Friday, November 15

The Success of Love

I am the mother of three boys.

I'm the mother of wrestling matches and dart gun wars, of broken ear buds and chipped front teeth, of ripped out knees, pocket knives, and half-assembled structures strewn about to pierce my calloused feet. I'm the mother of noise, of energy, of body odor and tears.  Of towels never hung, competition never ending and milk never enough.  I'm the mother of all the toilet seats left up and all the laundry thrown down.  And this is how I succeed -- by loving the people I've been given.

They're alive and they make me also. Their hearts beat for different passions, but they're beating, strong and daring.  Sometimes they argue and fight.  Sometimes they break and bend.  Sometimes they're more wonderful than I can bear.

And sometimes they're crazy loud.

I never knew it; the noise was the water I swam in when they were all home with me, all talking at once while we assembled science kits and multiplied fractions and (on my bravest days) painted paper mache. Three of them calling, "Mom! Mom!" daily was my normal and my base.  It wasn't until life shifted in this great drama, when those voices moved from our home to the schools that I realized the level of chaos I had thrived in.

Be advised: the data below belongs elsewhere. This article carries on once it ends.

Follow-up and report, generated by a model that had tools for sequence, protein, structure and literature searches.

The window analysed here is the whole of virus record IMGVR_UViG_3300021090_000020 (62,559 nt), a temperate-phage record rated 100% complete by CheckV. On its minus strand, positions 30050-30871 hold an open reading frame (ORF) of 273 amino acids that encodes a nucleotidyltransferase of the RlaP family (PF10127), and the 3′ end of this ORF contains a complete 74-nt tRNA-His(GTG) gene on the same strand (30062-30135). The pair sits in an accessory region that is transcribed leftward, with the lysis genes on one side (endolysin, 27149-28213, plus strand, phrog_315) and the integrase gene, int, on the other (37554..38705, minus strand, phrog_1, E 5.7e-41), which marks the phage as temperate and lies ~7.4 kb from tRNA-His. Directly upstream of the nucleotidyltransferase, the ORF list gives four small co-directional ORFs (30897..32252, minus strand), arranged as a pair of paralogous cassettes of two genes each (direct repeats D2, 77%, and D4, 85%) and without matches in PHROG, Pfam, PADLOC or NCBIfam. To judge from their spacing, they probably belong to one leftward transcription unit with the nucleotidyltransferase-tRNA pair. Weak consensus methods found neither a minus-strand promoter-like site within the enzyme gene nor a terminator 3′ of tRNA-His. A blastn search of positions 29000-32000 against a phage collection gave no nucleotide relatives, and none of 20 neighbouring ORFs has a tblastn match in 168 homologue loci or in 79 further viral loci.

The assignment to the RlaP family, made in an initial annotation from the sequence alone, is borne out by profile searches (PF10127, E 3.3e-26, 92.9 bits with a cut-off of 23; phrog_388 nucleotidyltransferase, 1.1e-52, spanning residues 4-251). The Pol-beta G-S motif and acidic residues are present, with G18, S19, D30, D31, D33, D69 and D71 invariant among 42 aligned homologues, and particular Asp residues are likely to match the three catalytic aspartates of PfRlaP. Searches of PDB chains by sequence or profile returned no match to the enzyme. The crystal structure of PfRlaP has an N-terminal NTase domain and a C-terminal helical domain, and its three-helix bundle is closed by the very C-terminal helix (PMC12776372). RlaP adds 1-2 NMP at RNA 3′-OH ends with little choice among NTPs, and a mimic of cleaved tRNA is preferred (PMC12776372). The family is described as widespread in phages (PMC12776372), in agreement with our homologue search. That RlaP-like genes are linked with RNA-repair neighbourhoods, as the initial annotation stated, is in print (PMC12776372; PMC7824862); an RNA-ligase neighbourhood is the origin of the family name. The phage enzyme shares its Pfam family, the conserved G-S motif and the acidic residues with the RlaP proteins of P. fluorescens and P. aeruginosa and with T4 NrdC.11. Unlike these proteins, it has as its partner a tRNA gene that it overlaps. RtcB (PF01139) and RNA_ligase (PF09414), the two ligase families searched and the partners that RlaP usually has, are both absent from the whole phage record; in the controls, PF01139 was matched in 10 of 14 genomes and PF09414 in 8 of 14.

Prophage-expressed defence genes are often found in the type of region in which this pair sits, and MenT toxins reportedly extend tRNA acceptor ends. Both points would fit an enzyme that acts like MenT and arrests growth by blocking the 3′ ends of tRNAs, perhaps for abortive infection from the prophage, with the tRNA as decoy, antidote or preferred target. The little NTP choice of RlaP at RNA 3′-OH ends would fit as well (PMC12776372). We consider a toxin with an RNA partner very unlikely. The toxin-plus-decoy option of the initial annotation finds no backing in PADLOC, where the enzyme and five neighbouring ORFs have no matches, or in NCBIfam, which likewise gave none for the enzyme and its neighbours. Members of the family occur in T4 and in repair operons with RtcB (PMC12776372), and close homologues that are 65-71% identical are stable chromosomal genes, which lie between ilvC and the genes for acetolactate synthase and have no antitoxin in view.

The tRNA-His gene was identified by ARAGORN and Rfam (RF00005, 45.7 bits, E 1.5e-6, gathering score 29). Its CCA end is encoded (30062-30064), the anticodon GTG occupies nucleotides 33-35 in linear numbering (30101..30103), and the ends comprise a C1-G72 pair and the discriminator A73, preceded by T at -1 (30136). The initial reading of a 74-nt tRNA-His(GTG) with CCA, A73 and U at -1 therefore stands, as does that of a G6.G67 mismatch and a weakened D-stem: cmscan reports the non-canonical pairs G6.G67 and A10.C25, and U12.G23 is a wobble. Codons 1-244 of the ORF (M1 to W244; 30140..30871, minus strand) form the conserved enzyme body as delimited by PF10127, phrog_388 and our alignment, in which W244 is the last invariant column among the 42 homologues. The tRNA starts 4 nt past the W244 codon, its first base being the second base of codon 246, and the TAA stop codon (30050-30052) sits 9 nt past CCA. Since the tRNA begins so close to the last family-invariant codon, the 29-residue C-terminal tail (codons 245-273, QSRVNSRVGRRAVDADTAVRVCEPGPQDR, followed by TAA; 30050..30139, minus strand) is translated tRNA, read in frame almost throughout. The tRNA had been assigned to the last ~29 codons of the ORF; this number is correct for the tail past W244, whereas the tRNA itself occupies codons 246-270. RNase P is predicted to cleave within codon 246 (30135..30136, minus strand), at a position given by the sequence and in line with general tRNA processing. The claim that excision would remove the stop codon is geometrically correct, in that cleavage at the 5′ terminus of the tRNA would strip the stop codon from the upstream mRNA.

People would ask, "How do you do it?"  I'd just gaze back a blank stare. Do what?  Live?  Teach? Breathe?  Isn't it just like you?  One thing at a time.  Intention and Care.   Did it look like I was merely surviving?

The chaos was the proof of the life.  It was the blood in my veins, the wind in our sails that pushed us wildly into the day.  It was unfinished and rough, fluid and full, drive and pluck and verve and vim. And the day I saw them off it stopped.

Today: The hours in my day without them are longer than the hours with. And in those hours I fill space meant for noise and fire and kick with thought and muse and words. I teach to different ears.  I give to different hearts.  And when the afternoon air grows thick and still I can only wait for them to return.

As much as I, abstract sequential, love the quiet, the study, the calm and order -- I love the moment they come back, bags tossed, cupboards thrown open, hunting for bite and bread and way and wont. Throwing off that other day, that other place, and breathing deep the air I saved just for them.

Today I am grateful for quiet moments, meaningful work, for the distraction of purpose.  But greater still are those three voices who can call my name and I know I get to succeed again.